Your credit score is important in determining your financial health. It helps lenders know how responsibly you use your credit. If you have a good credit score, it will become easier for you to get approved for new loans. Moreover, the higher your credit score, the lower the interest rates you’ll qualify for. There are numerous ways to improve your credit score. It will just take some time and effort on your part but it can be done. Here’s how you can achieve a better credit score.
Don’t miss payments
Your payment history can have a huge impact on your credit score. Having a positive history with on-time payments can help you achieve higher credit scores. You can do this by paying your loan or credit card payments within 29 days because payments that are almost 30 days late can be reported to the credit bureaus, which can hurt your credit scores. For the minimum amount due, you can set up automatic payments as this will help you avoid missing a payment.
Make frequent payments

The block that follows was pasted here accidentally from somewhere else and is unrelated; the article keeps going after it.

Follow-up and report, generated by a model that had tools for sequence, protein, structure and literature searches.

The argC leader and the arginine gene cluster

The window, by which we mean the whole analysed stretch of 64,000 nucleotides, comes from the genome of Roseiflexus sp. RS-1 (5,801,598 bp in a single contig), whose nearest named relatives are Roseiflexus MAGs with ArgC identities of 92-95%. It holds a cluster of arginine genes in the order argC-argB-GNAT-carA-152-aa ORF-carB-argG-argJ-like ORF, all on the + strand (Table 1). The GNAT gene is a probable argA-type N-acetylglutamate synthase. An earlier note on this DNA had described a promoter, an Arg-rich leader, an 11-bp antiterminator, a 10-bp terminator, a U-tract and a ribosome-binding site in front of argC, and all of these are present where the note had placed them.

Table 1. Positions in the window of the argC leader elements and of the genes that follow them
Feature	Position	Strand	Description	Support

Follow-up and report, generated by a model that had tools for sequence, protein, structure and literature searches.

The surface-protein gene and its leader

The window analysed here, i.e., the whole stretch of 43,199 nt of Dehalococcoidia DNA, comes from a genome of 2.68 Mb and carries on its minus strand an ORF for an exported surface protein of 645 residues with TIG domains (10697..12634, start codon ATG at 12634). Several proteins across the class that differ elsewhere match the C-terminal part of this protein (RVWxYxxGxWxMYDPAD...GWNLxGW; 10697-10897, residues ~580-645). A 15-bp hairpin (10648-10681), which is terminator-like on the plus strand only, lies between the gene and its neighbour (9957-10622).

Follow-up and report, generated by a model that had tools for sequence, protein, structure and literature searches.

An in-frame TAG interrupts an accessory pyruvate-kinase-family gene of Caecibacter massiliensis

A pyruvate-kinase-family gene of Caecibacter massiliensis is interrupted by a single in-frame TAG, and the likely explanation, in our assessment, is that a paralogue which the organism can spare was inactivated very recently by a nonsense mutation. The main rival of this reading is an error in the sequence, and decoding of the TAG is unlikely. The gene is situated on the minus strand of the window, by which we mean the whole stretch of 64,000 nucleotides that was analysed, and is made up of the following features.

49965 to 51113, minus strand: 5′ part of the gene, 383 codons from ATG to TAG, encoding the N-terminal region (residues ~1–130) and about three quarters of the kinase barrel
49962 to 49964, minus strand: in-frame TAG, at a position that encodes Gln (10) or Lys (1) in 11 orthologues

Small payments known as micro-payments can help you better your score. Make small payments throughout the month to improve your credit. When you make multiple payments throughout the month, the needle moves on a credit score factor known as credit utilization. This is also a very important factor that influences your credit score.
Ask for higher credit limits
When your balance stays the same but your credit limit goes up, it automatically lowers your credit utilization, which helps improve your scores. Contact your credit issuer and ask if you can get a higher credit limit but without the hard credit inquiry. Remember, a hard inquiry can temporarily drop your credit scores a few points. If you had a positive credit experience or your income has increased, you have a better chance of getting a higher limit.
Limit how often you apply for new credit
You may need new accounts to build your credit file, but make sure you limit how often you submit credit applications. This is because every time you submit a new application, it can lead to a hard inquiry which can hurt your score. Regularly opening new accounts can also decrease your average age of accounts and that could also hurt your score.
Dispute credit report errors
One of the reasons your credit score is going down can be due to mistakes on any of your credit reports. Fixing those mistakes quickly can help improve your scores. Check all the reports carefully. Sometimes, payments are marked late even when you paid on time. Once you have identified all the errors, make sure you file a dispute with the credit bureaus. Credit bureaus usually have 30 days to investigate and respond to a credit dispute.
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